For many years, communism was the target of the religious right’s attention. When the Berlin Wall fell, it was time to identify a new social enemy against which the religious right could mobilise. Enter cultural Marxism, “the perfect post-communist adversary located specifically in the cultural realm – academics, Hollywood, journalists, civil rights activists and feminists. It has been a mainstay of conservative activism and rhetoric ever since.”
The global pandemic has provided fertile ground for Christians who love to play the victim. It is a new Cold War waged against the so-called elites. But Cultural Marxism is a conspiracy theory just like all the other “alternative facts” spread by Christians at war. The world would not be a better place if everyone were like this.
In the early 2000s, the Barna Foundation commissioned David Kinnaman to conduct “groundbreaking research into the perceptions … sixteen to twenty-nine-year-olds” have of Christians. What they discovered should shock and challenge all Jesus’ followers. These young adults perceived Christians to be hypocritical, anti-gay, judgmental, and insensitive. The research published in UnChristian is one of the most challenging books I have ever read.
It is a sad indictment upon the church that produces disciples of Jesus that are nothing like Jesus. Jesus, the man who hung out with the poor and side-lined and who ate with the unclean. He was scathing towards those who were religious but lacked mercy, who “shut the door of the kingdom of heaven in people’s faces” (Matthew 23:13). The world would certainly NOT be a better place if all the Christians were unchristian.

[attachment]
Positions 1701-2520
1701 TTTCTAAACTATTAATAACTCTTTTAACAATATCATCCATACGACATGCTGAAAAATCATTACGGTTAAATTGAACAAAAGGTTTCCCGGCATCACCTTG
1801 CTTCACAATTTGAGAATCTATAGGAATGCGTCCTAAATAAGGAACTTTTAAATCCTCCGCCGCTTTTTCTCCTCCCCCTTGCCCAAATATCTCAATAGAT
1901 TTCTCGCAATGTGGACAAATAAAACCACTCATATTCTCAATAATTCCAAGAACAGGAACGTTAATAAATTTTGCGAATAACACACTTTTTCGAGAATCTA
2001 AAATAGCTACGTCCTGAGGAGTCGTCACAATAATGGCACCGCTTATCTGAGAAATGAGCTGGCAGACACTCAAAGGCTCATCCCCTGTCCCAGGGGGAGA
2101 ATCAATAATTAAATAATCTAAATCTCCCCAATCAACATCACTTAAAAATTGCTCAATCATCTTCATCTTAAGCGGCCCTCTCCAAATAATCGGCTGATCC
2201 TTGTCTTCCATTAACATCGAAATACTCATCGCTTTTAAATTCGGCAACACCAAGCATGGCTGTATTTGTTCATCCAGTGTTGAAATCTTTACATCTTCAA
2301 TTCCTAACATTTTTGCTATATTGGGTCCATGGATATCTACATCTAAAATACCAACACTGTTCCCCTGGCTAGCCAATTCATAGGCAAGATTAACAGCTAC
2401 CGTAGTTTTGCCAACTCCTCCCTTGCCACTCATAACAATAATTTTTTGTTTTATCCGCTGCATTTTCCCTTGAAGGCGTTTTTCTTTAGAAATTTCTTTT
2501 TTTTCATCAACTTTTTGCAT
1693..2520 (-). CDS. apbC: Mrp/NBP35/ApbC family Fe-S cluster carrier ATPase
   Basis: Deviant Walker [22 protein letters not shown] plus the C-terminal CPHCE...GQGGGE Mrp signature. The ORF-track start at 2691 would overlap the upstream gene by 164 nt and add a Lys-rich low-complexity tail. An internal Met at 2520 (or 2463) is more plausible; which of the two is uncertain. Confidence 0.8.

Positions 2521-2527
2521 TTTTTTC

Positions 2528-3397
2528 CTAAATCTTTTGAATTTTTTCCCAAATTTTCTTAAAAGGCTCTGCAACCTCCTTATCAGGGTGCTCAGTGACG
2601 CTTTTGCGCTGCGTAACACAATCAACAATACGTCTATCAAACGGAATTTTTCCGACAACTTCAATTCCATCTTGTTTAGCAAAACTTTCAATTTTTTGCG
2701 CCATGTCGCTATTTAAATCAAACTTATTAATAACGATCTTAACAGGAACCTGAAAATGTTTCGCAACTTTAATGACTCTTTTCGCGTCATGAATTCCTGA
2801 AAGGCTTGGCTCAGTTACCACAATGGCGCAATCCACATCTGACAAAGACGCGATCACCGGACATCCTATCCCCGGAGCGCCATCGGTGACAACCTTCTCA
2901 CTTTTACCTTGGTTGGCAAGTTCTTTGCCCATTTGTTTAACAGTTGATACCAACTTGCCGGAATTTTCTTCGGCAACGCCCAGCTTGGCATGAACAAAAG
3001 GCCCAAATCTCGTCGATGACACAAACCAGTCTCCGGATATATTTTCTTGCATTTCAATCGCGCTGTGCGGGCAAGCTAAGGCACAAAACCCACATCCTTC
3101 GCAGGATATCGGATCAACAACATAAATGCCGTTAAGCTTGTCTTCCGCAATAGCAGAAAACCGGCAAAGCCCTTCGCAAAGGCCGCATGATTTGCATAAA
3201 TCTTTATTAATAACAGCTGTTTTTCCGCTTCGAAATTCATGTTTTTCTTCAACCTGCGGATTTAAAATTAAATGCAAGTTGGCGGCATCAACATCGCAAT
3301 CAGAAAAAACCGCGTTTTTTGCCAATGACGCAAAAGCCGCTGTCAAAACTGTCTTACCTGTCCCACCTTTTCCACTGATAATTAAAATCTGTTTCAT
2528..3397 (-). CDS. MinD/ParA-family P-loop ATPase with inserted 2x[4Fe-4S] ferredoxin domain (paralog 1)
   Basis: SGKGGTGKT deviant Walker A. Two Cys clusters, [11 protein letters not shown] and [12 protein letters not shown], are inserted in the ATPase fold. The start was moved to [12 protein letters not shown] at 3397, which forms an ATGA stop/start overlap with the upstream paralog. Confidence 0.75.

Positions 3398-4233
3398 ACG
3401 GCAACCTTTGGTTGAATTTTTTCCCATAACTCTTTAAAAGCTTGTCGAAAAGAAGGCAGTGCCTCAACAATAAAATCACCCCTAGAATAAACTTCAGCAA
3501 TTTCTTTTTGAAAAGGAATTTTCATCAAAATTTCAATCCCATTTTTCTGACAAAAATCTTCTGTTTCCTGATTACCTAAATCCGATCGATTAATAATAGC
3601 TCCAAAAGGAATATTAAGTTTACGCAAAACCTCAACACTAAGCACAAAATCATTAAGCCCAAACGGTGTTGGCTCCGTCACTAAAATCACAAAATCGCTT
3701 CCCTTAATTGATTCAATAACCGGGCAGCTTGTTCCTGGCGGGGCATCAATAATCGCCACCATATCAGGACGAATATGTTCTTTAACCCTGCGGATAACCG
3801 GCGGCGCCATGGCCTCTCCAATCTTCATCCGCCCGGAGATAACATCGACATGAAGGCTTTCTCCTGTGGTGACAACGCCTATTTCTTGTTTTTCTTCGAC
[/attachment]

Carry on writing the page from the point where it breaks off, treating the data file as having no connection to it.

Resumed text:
The Genuine Article
The world needs to see authentic Christianity – people who are honest about their failures and mistakes. We owe it to people to apologise for our missteps. To open our lives to the transforming power of the Holy Spirit to make us like Jesus. We read the gospels to investigate what Jesus was like, who he spent time with, how he spoke, and interacted with people. We pray that we will progressively become more like him. Not people locked away in church buildings or protesting against this world, but people who get their hands dirty in helping the poor. We welcome the excluded even though we know that other Christians will criticise us and leave the church because “those people are here.” I know because I have experienced this firsthand.
On October 23 1915, Albert Einstein published an astonishing 3-page critique of the growing “Christian nationalism” in the country of his birth. He argued that the problem with hateful Christians is their departure from Christianity. Written in his native German, the little essay is titled “Meine Meinung über den Krieg” or “My Opinion of the War.” It ends with the beautiful words (translated from his German): “Yet, why so many words, when I can say it all in a single sentence, and indeed in a sentence that is most apt for me as a Jew: Honour your master, Jesus Christ, not only with words and songs but, rather, foremost through your deeds.” Apparently, the antidote to violent, nationalist Christians is … Christianity!
I think it would be helpful to rephrase the question. “Would the world be a better place if everyone were like Jesus?” It’s a massive YES from me!